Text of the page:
• Posted

    Unfortunately, my Grandmother passed away a couple of weeks ago. Pneumonia was a part of the reason, even though it seemed mostly cured (we never took her to hospital though, knowing how badly she would've taken it, but we'd had a doctor and a nurse visiting daily). It had weakened her a lot and her heart couldn't take it.

    She'd had a good, long life (at least before the Alzheimer), but I'm very heartbroken nonetheless. I can't forget her lying helplessly and dying after the last breakfast in her life. The ambulance didn't make it in time, and, frankly, I doubt they could've done much. I guess such things are never fair.

    Thanks a lot, everyone, for your kind words. They mean a lot. I'm glad there are people who understand.

     

    • Posted

      Awe.  I'm so sorry for your grandmother's passing.  It's never easy losing a loved one.  You all did a wonderful job taking care of her during her last days and I'm sure she's smiling down on you now.  Lots of hugs to you.
  • Posted

    I can understand what you have been through.i just lost my father cause of pneumonia 15 days ago.he was 81 and perfectly fine.never knew pneumonia is such a deadly disease for elderly people.sorry for your loss.god bless you.
    • Posted

      I'm so sorry for your loss as well! My heart goes to you and your family.

      Yes, sometimes it feels like medicine hasn't really gone far at all. We've got so many things at our disposal nowadays: various innovations, pharmacological options, but sometimes they just don't work at all, and it's hard to accept.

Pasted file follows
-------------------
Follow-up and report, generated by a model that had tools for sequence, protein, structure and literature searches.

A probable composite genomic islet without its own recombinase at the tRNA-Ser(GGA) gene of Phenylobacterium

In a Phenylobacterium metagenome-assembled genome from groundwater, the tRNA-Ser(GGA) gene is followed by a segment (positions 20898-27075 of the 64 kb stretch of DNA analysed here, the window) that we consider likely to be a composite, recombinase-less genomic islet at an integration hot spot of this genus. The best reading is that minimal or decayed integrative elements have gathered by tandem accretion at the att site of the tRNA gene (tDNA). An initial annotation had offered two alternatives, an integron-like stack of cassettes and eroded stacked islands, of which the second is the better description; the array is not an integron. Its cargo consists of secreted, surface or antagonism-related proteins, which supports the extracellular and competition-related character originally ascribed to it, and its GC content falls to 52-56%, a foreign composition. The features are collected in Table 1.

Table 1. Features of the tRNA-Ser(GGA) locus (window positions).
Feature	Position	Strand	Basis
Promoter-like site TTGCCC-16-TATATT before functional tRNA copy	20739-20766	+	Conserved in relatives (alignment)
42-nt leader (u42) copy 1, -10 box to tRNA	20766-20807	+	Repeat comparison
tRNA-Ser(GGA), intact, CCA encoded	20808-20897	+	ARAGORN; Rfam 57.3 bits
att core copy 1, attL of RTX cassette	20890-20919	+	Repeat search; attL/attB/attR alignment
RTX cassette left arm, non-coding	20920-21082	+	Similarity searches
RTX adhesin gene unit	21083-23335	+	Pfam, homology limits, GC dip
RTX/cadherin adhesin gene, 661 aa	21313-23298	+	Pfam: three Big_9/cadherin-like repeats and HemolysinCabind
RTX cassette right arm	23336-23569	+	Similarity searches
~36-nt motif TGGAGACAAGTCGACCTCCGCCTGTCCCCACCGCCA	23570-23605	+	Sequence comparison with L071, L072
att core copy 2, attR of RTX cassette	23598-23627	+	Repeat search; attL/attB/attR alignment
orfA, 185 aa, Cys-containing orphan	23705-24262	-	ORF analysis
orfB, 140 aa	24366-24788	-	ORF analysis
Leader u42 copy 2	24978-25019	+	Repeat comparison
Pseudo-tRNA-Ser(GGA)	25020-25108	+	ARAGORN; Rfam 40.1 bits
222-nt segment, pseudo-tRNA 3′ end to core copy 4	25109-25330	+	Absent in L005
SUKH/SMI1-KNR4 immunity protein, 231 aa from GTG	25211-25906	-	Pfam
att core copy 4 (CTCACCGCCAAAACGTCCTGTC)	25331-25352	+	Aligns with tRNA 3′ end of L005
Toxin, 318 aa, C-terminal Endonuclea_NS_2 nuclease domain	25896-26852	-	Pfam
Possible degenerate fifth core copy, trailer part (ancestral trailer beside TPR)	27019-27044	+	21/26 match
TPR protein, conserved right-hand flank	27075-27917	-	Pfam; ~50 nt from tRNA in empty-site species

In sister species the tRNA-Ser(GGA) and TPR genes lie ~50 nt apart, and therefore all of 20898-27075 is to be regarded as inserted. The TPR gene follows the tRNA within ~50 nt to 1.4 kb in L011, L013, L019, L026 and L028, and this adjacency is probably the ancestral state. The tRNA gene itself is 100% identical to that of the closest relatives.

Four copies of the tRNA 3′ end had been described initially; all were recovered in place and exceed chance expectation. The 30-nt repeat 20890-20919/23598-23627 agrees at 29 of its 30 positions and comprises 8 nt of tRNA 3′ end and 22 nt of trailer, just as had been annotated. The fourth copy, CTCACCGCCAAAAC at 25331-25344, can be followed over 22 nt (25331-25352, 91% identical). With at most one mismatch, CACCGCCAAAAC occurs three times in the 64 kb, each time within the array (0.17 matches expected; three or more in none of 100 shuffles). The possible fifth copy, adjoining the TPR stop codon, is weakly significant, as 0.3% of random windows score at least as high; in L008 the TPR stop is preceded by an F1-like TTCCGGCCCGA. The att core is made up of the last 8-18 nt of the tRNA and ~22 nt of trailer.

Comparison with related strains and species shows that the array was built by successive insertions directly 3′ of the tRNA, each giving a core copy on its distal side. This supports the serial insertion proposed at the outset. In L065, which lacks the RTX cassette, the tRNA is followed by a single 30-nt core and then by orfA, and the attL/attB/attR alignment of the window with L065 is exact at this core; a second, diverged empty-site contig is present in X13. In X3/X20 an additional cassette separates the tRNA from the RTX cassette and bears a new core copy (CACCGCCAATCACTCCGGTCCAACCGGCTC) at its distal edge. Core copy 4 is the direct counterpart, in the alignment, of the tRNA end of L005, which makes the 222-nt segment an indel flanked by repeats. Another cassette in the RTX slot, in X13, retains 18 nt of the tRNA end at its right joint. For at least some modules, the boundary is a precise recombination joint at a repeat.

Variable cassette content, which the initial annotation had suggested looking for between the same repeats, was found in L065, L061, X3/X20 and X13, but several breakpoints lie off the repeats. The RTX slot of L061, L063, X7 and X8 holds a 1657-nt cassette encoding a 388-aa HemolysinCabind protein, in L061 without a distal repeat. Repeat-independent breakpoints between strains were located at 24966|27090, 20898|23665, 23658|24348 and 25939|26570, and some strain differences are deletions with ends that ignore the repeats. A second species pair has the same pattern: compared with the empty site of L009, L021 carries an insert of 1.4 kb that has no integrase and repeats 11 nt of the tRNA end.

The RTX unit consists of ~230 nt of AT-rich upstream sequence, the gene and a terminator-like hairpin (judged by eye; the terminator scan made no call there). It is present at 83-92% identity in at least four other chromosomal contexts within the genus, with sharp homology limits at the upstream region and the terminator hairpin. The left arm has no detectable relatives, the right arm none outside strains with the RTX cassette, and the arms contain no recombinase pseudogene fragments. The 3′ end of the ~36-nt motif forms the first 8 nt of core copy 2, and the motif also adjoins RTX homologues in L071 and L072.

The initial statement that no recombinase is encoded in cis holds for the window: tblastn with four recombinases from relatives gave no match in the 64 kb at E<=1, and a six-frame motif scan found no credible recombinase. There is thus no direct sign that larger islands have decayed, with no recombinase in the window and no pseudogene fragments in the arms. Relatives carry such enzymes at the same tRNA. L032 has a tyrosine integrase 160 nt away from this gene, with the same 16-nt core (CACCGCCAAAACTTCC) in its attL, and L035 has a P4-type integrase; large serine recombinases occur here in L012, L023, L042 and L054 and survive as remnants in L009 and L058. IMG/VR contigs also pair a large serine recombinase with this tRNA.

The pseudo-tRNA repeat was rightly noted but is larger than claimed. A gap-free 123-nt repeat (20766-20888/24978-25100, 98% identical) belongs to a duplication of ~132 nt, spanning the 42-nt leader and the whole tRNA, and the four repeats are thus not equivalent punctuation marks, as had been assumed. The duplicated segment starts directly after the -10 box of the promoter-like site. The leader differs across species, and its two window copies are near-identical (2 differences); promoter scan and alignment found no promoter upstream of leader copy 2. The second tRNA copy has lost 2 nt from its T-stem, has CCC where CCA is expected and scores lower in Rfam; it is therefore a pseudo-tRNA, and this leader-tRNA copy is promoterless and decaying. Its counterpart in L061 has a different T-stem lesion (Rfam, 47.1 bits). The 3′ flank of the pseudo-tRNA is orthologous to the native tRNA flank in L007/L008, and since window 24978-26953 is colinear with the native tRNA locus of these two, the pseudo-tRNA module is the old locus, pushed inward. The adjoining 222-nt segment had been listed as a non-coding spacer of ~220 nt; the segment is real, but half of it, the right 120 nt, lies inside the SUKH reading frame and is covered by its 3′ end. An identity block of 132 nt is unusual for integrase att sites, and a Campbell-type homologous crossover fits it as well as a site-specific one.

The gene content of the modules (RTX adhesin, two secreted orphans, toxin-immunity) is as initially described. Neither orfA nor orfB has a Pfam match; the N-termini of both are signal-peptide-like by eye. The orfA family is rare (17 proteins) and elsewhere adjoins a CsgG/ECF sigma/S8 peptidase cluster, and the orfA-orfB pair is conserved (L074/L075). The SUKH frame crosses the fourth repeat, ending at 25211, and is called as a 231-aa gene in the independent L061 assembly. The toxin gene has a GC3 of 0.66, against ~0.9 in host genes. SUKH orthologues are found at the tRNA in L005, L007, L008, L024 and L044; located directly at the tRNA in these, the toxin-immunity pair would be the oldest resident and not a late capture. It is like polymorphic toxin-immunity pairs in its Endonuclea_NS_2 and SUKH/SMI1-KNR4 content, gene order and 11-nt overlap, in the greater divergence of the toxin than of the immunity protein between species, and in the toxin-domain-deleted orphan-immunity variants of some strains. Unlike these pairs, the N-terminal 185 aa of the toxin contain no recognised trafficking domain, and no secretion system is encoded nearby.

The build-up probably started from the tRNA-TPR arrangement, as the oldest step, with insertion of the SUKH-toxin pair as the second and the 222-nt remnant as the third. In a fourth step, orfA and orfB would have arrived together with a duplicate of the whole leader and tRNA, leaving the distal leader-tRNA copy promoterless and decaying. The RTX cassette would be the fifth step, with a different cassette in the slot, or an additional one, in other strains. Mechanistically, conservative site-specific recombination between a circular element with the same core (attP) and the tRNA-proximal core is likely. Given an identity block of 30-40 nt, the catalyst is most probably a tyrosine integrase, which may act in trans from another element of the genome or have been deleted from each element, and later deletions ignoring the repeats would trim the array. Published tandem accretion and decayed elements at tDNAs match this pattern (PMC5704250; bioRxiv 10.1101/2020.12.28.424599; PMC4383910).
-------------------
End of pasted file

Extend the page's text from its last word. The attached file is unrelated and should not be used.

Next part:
• Posted

    Hello anna !   My grandma was admitted to the hospital 4 day's ago with Pneumonia & she is 97 year's old, the nurse's have told me that they have tried 3 different antibiotics & that they have done nothing. So now their answer is morphine & no feeding tube or drip bag ? So not only is she not going to get better ? She is also starving. You would think that they could come up with a little bit better way to handle this situation, but instead we can sit and watch them die slowly. I'm sorry grandma, I don't know what else to do ? Except Pray

    • Posted

      I'm so sorry your family is going through such hard times!

      You're right, it should have been way more humane than this, and it's just not fair. My Granny was fed, but she was never given any real painkillers (apart from the drugs prescribed by her psychiatrist that could somewhat help with the pain). Because of Alzheimer, she couldn't properly express her pain or let us know how well her drugs were dealing with it, but we, her family, knew that some days were painful for her, and we felt helpless.

      I wish you and your family to be strong and support each other. And maybe it wouldn't hurt to seek consultation of another doctor, just to get a second opinion?